Structuring the scope entails a systematic division of the entire project content into sub-tasks and work elements. This project structure or work breakdown structure (WBS) includes an overall division followed by sub-divisions. A graphical presentation of the WBS is typically a tree structure with a number of stepwise-divided sub-levels depending on the desired level of details of task or work elements. Various principles can be used for creating the WBS. One principle is that the overall structure reflects all the sub-products necessary to deliver the project results such as analysis, design, development and testing. Another principle for structuring the scope may reflect the different functional or physical structures of the project results. Irrespective of the approach, structuring the project scope is a valuable way of creating an overview of the project content. Clarifying and structuring the scope may therefore also be relevant with an iterative (e.g. agile) approach, although the level of detail in the WBS is typically not as deep as with a linear or sequential approach.


  • Knows and explains the purpose and benefits of a scope defining structure
  • Knows and applies the principles for creating the WBS
  • Explains the differences between different principles of the WBS
  • Explains the characteristics of project boundaries and can give examples
  • Argues for why and when a full WBS may be inappropriate with an iterative (agile) approach to the project


Define the work packages of the project 

All the lowest elements in the WBS represent a work package with well defined boundaries. In essence, clear boundaries are indeed the overall success criterion of an effective WBS. The definition of a work package includes a description of the work to be performed, the work objectives, cost, resource need and duration. If the duration, cost and/or resource need is not yet clear, it is named a planning package. With an iterative (e.g. agile) approach, a work package in a software development project is typically referred to as a user story. The same guidelines may apply to the definition of a user story as to a work package. Control accounts are groups of work packages typically used for reporting.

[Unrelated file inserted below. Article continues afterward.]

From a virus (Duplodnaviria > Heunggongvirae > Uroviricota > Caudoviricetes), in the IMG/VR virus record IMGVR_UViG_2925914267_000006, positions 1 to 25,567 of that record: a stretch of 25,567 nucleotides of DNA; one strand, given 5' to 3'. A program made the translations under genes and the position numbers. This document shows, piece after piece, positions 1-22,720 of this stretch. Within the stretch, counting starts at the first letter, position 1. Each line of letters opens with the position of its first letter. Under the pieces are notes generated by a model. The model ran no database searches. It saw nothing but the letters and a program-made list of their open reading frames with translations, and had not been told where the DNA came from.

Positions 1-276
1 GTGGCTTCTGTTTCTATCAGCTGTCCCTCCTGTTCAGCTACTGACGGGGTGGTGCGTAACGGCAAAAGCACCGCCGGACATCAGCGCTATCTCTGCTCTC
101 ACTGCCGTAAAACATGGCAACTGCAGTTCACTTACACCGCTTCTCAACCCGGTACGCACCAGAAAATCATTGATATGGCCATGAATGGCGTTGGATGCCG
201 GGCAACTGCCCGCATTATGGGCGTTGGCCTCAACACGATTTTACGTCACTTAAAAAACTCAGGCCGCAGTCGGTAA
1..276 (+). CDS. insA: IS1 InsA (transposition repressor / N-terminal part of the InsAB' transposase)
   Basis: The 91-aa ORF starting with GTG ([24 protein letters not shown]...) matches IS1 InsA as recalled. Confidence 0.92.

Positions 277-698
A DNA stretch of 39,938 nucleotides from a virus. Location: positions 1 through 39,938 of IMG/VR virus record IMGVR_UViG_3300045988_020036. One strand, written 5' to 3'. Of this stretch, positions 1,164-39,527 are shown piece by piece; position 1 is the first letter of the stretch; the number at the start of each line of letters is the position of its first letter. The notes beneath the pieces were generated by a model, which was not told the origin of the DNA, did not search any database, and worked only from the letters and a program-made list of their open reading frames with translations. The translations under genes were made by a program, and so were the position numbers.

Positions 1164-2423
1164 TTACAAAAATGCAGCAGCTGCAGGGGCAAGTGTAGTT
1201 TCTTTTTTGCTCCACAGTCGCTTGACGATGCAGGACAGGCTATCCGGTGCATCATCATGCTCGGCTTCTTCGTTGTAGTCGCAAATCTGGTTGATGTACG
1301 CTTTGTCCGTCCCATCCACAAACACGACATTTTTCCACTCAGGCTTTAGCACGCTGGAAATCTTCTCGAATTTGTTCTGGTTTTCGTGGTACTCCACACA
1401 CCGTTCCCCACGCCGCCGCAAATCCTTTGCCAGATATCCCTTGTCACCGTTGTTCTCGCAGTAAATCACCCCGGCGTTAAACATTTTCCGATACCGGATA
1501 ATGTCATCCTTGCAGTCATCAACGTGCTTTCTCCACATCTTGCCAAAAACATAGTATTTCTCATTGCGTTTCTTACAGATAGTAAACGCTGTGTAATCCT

• Defines work and planning packages
  • Explains the purpose and benefits of (well) defined work packages
  • Names and explains ways to define a work package


Establish and maintain scope configuration

Scope configuration management helps to minimise deficiencies, errors and unintended scope creep. Scope configuration management is meant to ensure that the scope is aligned with the agreed stakeholder needs and requirements and that all resources assigned to the project are working with the same version of the product. Projects operate within a dynamic environment whereby changes occur and need to be captured and managed, as opposed to being treated as obstacles and as something hampering project success. A scope configuration mindset is characteristic of an iterative (e.g. agile) approach to the project and is value-driven as opposed to plan- or task-driven. Scope configuration management is often a continuous process.


  • Manages the scope configuration
  • Defines roles and responsibilities related to scope configuration management
  • Relates the dependency of scope configuration and the overall approach o the project (sequential or iterative)
  • Compares progress and earned value against a baseline plan